/inca/publications/misc/622551sample5.pdf Sample chapter
Volume 5 has several objectives. The first is to present an overview of the composition of surface and ground waters on the continents and the mechanisms that control the compositions. The second is to present summaries of the tools and methodologies used in modern studies of the geochemistry of surface and ground waters. The third is to present information on the role of weathering and soil formation in geochemical cycles: weathering affects the chemistry of the atmosphere through uptake of carbon dioxide and oxygen, and paleosols (preserved soils in the rock record) provide information on the composition of the atmosphere in the geological past.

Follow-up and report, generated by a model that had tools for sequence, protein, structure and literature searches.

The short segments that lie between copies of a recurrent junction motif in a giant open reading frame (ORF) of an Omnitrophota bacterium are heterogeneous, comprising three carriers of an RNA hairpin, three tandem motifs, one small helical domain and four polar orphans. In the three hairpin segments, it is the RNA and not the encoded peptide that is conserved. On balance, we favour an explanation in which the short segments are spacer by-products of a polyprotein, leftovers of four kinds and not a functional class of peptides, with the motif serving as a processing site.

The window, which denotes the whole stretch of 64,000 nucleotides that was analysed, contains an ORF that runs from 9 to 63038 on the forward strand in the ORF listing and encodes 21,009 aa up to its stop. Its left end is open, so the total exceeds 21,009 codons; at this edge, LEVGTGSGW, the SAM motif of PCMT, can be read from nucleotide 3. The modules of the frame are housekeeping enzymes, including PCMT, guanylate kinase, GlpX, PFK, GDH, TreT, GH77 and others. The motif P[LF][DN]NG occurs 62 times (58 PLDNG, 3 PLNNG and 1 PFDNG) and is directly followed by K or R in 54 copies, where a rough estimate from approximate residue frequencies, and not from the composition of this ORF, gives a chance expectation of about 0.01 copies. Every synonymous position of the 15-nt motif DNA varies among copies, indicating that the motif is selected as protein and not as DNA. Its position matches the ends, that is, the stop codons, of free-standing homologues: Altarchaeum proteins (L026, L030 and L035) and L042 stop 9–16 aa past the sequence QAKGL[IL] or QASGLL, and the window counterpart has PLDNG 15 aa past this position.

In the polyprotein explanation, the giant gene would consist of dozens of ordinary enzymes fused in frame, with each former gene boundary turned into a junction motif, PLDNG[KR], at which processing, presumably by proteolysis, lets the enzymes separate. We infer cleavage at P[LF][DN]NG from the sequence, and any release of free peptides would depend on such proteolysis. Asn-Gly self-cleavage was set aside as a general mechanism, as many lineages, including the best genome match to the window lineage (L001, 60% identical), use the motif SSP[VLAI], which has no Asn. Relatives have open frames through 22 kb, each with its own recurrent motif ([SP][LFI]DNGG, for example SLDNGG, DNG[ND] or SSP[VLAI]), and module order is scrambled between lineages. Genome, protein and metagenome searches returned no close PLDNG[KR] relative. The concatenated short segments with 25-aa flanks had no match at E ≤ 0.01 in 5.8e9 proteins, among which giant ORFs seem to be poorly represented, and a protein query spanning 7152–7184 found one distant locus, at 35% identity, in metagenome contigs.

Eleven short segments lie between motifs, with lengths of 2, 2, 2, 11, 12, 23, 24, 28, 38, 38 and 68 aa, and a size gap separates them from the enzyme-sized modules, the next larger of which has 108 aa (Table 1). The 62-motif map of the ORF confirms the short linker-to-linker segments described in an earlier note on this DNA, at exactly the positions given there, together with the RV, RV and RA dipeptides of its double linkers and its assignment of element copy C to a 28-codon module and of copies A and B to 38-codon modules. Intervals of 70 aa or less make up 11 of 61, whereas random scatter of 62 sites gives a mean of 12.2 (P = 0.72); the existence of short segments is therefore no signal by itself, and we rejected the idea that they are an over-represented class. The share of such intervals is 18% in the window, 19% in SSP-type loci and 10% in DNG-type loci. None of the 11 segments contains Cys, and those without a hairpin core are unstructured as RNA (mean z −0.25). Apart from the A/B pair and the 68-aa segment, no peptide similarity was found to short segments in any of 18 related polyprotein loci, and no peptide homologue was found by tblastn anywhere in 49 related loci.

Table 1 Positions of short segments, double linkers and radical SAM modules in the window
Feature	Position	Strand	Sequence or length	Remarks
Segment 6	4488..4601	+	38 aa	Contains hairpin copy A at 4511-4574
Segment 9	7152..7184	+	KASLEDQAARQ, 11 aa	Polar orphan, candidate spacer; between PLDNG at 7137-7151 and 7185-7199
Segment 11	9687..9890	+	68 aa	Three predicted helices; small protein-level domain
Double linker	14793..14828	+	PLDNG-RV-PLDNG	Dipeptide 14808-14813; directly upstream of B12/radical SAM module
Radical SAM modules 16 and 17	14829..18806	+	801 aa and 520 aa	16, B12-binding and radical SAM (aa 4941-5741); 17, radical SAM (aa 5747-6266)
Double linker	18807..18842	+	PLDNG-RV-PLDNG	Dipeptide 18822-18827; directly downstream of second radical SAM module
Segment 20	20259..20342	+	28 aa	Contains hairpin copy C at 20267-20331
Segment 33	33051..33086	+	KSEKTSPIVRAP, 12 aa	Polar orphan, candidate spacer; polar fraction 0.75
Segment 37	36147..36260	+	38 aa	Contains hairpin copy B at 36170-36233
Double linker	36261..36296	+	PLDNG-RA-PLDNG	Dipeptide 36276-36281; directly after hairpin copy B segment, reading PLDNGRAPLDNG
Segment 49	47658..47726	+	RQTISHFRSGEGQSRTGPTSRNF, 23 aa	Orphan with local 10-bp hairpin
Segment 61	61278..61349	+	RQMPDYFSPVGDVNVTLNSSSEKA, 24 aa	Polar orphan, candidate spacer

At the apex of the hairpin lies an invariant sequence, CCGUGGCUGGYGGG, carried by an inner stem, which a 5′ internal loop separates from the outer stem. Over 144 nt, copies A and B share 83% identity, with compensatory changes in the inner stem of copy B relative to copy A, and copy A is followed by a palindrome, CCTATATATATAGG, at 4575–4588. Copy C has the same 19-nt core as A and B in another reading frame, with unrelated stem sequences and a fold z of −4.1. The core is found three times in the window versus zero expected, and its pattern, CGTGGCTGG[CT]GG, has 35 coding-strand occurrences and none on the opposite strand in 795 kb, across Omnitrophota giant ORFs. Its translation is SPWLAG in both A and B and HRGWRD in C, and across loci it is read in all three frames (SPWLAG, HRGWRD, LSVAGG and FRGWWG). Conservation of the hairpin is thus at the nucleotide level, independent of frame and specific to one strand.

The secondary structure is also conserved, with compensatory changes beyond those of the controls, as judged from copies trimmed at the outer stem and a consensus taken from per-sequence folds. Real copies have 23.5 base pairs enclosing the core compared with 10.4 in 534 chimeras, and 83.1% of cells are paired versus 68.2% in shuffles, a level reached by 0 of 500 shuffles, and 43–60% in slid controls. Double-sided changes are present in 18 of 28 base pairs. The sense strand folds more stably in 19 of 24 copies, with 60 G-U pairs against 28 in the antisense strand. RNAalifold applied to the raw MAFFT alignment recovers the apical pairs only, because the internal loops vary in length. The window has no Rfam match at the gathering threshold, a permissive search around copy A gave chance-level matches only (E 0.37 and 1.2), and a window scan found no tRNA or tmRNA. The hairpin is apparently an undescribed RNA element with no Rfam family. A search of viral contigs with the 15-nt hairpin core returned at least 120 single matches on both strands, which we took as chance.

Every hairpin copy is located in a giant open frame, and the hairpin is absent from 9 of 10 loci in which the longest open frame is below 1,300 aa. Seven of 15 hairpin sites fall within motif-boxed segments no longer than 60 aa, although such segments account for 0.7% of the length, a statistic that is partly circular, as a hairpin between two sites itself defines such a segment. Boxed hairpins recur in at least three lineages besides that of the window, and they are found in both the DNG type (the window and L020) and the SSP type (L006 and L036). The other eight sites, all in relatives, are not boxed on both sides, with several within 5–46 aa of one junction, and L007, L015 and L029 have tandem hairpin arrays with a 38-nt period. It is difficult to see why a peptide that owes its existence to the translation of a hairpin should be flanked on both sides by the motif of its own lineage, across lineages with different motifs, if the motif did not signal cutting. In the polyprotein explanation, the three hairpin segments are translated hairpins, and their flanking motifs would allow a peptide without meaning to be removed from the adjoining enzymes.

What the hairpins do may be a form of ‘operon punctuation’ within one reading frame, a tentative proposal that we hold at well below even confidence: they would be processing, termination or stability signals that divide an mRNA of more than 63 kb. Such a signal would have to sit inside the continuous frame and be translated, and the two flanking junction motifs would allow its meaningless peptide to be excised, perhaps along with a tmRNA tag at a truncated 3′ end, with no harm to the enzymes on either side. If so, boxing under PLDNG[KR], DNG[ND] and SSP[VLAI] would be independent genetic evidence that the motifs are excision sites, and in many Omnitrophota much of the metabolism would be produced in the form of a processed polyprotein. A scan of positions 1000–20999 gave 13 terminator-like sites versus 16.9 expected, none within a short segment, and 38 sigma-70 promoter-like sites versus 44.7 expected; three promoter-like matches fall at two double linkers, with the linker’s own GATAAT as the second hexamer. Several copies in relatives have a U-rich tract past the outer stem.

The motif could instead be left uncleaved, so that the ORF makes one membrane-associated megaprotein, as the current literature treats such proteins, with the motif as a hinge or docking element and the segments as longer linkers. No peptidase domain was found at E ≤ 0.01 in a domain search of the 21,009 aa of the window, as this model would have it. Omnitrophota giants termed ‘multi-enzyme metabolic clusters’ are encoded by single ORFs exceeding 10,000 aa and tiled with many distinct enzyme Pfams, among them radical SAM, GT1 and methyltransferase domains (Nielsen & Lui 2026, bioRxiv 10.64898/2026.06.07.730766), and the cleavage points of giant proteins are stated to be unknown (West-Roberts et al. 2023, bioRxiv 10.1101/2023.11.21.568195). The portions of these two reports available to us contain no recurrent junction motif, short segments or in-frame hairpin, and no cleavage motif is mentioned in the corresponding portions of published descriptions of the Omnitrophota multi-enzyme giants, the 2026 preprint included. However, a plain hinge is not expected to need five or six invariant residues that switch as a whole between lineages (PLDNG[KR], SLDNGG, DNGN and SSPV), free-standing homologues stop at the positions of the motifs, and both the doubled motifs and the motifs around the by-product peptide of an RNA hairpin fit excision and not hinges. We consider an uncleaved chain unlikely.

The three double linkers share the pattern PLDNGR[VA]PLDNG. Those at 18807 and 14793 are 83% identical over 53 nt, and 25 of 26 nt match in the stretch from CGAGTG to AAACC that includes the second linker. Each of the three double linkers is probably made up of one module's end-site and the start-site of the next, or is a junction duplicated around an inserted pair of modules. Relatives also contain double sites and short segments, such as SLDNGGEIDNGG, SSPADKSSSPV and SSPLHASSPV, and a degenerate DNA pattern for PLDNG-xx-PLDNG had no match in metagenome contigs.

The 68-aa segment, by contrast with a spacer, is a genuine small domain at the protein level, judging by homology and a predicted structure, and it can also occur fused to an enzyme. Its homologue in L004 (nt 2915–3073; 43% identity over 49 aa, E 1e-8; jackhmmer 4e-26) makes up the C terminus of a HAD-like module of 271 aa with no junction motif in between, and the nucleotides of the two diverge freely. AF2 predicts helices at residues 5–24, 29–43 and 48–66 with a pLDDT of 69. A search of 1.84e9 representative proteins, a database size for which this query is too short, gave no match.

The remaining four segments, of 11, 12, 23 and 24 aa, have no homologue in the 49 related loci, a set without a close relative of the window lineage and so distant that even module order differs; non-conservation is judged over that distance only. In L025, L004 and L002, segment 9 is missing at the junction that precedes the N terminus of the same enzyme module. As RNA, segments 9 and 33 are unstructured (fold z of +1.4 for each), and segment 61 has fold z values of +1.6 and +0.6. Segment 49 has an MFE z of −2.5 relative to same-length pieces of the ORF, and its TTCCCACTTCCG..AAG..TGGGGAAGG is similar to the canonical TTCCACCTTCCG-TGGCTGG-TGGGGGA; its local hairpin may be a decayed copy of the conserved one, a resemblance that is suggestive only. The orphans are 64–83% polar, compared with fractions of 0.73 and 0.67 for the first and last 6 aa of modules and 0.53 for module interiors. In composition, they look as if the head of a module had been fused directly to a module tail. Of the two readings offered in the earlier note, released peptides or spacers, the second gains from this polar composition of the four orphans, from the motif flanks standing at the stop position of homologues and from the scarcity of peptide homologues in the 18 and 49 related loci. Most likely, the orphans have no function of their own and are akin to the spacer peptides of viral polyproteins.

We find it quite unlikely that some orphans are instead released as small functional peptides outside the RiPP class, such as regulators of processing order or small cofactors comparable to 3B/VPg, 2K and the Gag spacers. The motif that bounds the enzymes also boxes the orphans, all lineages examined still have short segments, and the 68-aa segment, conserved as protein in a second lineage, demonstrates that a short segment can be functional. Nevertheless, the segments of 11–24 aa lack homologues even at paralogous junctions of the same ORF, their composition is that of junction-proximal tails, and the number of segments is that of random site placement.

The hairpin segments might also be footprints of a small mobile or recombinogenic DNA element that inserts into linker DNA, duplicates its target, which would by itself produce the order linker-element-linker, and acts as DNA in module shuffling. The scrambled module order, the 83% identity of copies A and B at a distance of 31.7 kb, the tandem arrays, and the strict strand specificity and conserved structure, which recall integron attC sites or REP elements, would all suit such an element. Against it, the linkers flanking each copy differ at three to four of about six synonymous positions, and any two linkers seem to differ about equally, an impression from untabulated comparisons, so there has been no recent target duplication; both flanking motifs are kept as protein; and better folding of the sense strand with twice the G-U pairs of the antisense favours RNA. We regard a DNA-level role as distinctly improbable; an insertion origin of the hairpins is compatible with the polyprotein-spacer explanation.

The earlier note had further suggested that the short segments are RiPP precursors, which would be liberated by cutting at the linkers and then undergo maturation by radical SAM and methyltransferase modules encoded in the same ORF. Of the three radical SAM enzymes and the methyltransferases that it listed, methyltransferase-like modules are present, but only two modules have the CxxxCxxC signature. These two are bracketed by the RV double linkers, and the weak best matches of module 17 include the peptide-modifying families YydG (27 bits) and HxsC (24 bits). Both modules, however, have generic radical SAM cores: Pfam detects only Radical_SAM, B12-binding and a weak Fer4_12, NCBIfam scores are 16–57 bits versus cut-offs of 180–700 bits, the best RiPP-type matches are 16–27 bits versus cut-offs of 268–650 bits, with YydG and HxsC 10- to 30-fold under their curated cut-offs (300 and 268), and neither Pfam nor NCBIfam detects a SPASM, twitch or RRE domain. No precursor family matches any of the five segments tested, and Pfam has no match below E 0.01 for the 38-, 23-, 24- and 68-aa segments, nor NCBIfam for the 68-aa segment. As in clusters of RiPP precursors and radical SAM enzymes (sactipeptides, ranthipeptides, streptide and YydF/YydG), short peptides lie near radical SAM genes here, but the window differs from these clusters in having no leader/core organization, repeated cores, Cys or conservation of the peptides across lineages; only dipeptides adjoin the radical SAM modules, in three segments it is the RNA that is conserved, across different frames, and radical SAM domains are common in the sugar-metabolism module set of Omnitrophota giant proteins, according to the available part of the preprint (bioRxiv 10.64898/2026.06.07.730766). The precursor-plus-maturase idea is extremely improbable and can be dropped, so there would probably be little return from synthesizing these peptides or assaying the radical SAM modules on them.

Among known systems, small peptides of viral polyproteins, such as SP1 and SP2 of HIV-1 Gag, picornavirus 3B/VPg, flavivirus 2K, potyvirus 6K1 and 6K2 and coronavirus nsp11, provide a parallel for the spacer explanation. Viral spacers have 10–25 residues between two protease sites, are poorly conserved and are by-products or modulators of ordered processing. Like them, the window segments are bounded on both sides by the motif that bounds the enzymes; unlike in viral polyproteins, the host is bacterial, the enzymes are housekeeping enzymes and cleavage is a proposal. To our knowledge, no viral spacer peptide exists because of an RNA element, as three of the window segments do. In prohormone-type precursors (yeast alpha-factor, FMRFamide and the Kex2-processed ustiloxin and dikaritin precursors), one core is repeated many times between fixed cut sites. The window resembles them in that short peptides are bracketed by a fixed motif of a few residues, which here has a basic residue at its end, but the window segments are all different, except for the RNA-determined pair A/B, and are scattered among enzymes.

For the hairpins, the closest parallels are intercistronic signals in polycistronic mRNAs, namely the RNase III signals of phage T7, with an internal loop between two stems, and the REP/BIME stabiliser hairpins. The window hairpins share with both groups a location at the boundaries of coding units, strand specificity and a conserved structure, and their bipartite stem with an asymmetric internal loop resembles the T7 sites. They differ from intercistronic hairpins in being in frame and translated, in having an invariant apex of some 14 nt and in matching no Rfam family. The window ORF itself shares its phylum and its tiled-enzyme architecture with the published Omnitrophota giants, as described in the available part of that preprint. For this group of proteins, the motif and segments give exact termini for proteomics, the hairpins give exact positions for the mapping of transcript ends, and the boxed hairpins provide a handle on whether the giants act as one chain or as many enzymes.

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The focus of my research is to understand the processes, inorganic and biological, that control the chemistry of surface water and groundwater. I have worked for many years on the weathering of silicate minerals and silicate dissolution kinetics, both from the perspective of global cycles and global climate (weathering is the most important long-term mechanism for removal of CO 2 from the atmosphere) and from the perspective of anthropogenic effects such as acid rain and acid mine drainage. In the last few years, the emphasis has been more on pollutant geochemistry. We have been studying the processes controlling the movement of arsenic in groundwater, the chemistry of a high-elevation stream affected by acid mine drainage, and the use of stable isotopes (C, O, N, C1) to identify the source of contaminants and to quantify microbial degradation of contaminants in the subsurface.
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